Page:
WASHINGTON — Potential threats and leads were still pouring in to law enforcement agencies nationwide days after the insurrection at the U.S. Capitol. The challenge now is figuring out what's real and what's just noise.
Investigators were combing through a mountain of online posts, street surveillance and other intelligence, including information that suggests mobs could try to storm the Capitol again. Threats to kill some members of Congress were reported.
Security has been tightened from coast to coast. Thousands of National Guard troops are guarding the Capitol ahead of President-elect Joe Biden’s inauguration. Governors and lawmakers are stepping up protections at statehouses after an FBI bulletin warned of threats to legislative sessions and other inaugural ceremonies.
And now, the FBI has made it clear they need the public's help in identifying individuals involved in the Capitol riot. In a Sunday tweet, the agency asked the public to help in their search to identify suspects said to have been involved in the assault on Metropolitan Police Department Officer Mike Fanone on January 6.
And members of Congress, like Rep. Veronica Escobar are asking the people of their districts to be vigilant in helping the FBI identify riot suspects. Escobar asked the people of El Paso on Twitter Sunday to help identify anyone involved by submitting tips to the FBI via their website or by phone.
A primary concern is the safety of members of Congress, particularly when they are traveling through airports, according to two U.S. officials briefed on the matter.
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The FBI and other federal authorities use their substantial resources to prepare. But smaller local police departments lack the staff to hunt down every tip. They must rely heavily on state and federal assessments to inform their work, and that information sometimes slips through the cracks — which apparently happened last week.
A day before the deadly attack on the Capitol, the FBI sent an intelligence bulletin warning of potential violence to other agencies, including the Capitol Police. But officials either did not receive it or ignored it — and instead prepared for a free-speech protest, not a riot. It took nearly two hours for reinforcements to arrive to help disperse the mob. Five people died, including a Capitol officer.
“There are some grammar schools that are better protected than the Capitol,” said Brian Higgins, a professor at the John Jay College of Criminal Justice in New York and the former chief of a northern New Jersey police force.
Since last week, the FBI has opened 170 case files and received more than 100,000 pieces of digital media. The threats have ranged in specificity and complexity, according to officials briefed on them, making it difficult for authorities to determine which could be credible.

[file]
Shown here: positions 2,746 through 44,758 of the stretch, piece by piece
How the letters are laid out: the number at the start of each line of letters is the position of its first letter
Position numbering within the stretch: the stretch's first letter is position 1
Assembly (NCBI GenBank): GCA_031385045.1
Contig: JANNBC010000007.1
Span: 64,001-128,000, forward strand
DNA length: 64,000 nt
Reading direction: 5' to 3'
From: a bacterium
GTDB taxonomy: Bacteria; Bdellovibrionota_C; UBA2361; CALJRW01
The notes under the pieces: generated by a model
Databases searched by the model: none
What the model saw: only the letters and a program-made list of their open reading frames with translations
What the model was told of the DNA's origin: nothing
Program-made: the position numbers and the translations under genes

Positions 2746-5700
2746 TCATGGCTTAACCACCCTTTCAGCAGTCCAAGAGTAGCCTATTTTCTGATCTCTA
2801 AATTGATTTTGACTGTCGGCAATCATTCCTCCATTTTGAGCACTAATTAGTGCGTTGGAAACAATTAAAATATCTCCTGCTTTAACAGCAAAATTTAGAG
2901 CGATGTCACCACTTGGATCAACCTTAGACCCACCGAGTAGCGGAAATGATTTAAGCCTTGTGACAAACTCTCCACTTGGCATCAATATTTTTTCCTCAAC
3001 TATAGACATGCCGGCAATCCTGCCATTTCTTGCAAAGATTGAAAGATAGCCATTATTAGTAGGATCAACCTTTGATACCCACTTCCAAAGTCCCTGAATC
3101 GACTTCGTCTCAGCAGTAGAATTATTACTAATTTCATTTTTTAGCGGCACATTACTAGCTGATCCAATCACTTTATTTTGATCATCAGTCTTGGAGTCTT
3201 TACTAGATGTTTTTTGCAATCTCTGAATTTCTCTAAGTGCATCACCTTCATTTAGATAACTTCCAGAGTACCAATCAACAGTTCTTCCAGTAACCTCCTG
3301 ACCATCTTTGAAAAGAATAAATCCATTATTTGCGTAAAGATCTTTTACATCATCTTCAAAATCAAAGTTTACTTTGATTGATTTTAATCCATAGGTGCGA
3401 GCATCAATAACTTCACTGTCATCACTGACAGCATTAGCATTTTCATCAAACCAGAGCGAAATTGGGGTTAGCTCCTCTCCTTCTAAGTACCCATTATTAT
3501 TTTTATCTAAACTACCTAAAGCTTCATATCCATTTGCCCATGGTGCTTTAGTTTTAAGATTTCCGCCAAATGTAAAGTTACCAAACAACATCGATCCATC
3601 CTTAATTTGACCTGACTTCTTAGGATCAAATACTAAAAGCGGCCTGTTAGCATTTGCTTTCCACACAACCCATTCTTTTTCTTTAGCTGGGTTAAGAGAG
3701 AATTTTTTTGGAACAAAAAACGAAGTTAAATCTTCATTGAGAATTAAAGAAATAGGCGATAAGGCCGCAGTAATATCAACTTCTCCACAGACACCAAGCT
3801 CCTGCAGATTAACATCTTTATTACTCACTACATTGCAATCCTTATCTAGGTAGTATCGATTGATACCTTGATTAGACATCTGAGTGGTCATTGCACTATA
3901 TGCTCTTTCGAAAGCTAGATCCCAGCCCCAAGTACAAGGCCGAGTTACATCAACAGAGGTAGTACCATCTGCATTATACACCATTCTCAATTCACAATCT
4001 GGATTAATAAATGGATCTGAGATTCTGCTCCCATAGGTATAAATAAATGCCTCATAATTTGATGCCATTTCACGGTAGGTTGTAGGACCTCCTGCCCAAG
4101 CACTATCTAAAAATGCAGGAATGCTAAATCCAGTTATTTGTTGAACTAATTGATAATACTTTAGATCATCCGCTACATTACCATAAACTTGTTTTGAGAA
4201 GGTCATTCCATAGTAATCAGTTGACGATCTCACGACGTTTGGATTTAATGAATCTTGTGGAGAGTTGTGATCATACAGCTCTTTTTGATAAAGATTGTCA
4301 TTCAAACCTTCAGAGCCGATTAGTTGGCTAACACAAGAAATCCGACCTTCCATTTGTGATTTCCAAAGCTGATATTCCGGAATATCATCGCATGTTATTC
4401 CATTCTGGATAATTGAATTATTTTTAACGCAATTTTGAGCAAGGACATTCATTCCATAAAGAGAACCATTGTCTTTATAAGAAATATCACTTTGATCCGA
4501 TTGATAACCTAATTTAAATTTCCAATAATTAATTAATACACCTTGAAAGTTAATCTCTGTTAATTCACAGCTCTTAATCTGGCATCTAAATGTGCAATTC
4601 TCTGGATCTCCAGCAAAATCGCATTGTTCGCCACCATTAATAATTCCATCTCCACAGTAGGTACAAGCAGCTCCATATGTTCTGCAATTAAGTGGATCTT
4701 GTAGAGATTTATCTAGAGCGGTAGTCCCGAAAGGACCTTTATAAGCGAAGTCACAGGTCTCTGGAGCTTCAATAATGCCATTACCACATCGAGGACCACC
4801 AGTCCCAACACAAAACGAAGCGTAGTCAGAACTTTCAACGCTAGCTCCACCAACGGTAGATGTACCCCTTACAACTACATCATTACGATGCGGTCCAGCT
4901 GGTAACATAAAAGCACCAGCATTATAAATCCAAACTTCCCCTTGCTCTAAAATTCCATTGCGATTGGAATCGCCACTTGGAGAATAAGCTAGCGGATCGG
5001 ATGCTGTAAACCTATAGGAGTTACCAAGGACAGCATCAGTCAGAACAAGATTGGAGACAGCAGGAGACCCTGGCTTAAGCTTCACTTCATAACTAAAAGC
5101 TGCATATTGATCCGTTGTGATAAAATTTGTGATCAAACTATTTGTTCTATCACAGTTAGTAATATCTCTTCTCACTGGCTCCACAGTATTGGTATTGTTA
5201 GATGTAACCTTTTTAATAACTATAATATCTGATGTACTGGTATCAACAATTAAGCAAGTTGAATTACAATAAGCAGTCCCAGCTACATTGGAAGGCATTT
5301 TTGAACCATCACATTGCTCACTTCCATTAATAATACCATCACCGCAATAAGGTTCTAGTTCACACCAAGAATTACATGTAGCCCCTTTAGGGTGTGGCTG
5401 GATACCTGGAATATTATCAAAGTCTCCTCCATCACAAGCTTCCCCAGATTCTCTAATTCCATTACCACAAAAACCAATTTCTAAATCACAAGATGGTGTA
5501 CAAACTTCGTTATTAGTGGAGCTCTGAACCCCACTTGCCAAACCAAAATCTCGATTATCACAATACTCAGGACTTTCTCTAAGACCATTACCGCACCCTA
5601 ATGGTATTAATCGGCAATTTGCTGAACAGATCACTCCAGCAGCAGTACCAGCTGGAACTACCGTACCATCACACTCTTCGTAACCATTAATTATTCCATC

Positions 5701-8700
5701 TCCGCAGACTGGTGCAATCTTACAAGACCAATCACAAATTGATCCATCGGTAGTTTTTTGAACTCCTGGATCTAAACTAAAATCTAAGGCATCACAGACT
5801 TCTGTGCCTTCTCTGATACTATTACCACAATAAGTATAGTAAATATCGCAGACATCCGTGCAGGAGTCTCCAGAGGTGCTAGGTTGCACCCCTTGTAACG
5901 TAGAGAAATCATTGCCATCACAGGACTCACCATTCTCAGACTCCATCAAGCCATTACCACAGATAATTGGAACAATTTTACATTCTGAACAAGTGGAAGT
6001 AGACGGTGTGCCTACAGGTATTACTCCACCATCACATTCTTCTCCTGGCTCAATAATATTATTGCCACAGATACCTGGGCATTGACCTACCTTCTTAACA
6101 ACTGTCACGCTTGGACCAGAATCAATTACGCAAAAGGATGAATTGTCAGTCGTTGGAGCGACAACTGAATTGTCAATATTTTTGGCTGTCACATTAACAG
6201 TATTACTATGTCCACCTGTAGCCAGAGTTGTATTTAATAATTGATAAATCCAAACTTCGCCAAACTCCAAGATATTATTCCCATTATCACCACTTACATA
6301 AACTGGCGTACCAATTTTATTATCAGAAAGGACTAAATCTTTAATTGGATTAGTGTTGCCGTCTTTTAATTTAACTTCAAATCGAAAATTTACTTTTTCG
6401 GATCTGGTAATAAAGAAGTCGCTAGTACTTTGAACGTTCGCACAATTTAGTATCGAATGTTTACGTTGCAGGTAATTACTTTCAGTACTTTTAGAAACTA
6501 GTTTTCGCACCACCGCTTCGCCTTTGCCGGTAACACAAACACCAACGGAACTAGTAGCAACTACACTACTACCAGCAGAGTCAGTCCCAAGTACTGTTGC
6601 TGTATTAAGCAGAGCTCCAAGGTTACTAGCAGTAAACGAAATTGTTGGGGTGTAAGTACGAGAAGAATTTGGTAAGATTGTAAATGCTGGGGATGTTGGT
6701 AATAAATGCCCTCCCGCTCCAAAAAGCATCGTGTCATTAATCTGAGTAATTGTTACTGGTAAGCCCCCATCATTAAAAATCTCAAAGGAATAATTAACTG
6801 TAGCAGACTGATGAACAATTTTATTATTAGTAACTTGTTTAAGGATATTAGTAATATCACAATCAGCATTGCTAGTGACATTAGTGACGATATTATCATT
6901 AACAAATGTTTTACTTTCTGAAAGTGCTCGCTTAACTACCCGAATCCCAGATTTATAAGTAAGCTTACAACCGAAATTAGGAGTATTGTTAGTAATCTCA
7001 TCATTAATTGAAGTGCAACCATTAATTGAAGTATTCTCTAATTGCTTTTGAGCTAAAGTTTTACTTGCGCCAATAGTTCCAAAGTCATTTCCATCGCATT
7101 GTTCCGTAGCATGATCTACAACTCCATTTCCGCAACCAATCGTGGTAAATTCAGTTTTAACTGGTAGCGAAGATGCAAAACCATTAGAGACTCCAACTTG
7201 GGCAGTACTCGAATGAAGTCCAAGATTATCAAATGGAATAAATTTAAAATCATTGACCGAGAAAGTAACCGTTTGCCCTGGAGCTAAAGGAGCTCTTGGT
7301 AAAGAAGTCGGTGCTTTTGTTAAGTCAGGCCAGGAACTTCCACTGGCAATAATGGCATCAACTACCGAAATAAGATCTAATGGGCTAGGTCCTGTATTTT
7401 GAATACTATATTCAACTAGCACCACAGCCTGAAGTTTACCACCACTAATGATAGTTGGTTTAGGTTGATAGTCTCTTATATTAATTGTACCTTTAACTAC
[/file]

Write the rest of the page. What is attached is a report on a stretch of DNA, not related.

Combing through intelligence isn't the same as shoe-leather detective work. Large departments like New York and Los Angeles have dedicated intelligence units — the NYPD even disseminated its own bulletin ahead of the riot. But smaller police forces rely on joint terrorism task forces and so-called fusion centers that were set up around the country after the 2001 attacks to improve communication between agencies.
Norton, Kansas, Police Chief Gerald Cullumber leads a seven-member department in the northwestern part of the state. He said he relies on larger agencies like the Kansas Highway Patrol because his agency is too small to do its own intelligence work. But Cullumber said he stays up to date on the latest information and briefs his officers.
“It doesn’t mean that we rest on our laurels," he said. "It doesn’t mean that we ignore things.”
Once they receive intelligence reports, it’s up to local agencies to plan and take action to keep their communities safe, said Rich Stanek, the former sheriff of Hennepin County in Minnesota who now works in consulting and started the Public Safety Strategies Group.
“If I was the sheriff today, I would be taking it very seriously,” he said. “If they told me Jan. 17 is the date, yeah, I think it’s reasonable to plan for one week ahead and one week behind.”
Mike Koval, who retired in 2019 as the police chief in Madison, Wisconsin, said his state's two fusion centers have technology and resources that go far beyond those of a single local police department.
Staying on top of all the potential intelligence on the internet is like “going to a water fountain to get a drink of water, and it’s coming out with the strength of a fire hydrant and it will take your jaw off,” Koval said.
Meanwhile, elected officials nationwide, including President Donald Trump, have started to urge calm amid the threats. Trump egged on the riots during a speech at the Washington Monument, beseeching his loyalists to go to the Capitol as Congress was certifying Biden’s victory. He took no responsibility for the riot.
“In light of reports of more demonstrations, I urge that there must be NO violence, NO lawbreaking and NO vandalism of any kind,” Trump said in a statement Wednesday. “That is not what I stand for, and it is not what America stands for. I call on ALL Americans to help ease tensions and calm tempers.”
Experts say explicit or implicit bias likely helped downplay last week's threat because the protesters were white, and that must change, said Eric K. Ward, a senior fellow with the Southern Poverty Law Center and an expert on authoritarian movements and hate groups.
That could be why Capitol police were so unprepared, compared with the much more aggressive law enforcement response to last summer's protests following the death of George Floyd and other Black men killed by law enforcement.
Dazio reported from Los Angeles. Associated Press writers Amy Forliti and Doug Glass in Minneapolis, Michael R. Sisak in New York and Maryclaire Dale in Philadelphia contributed to this report.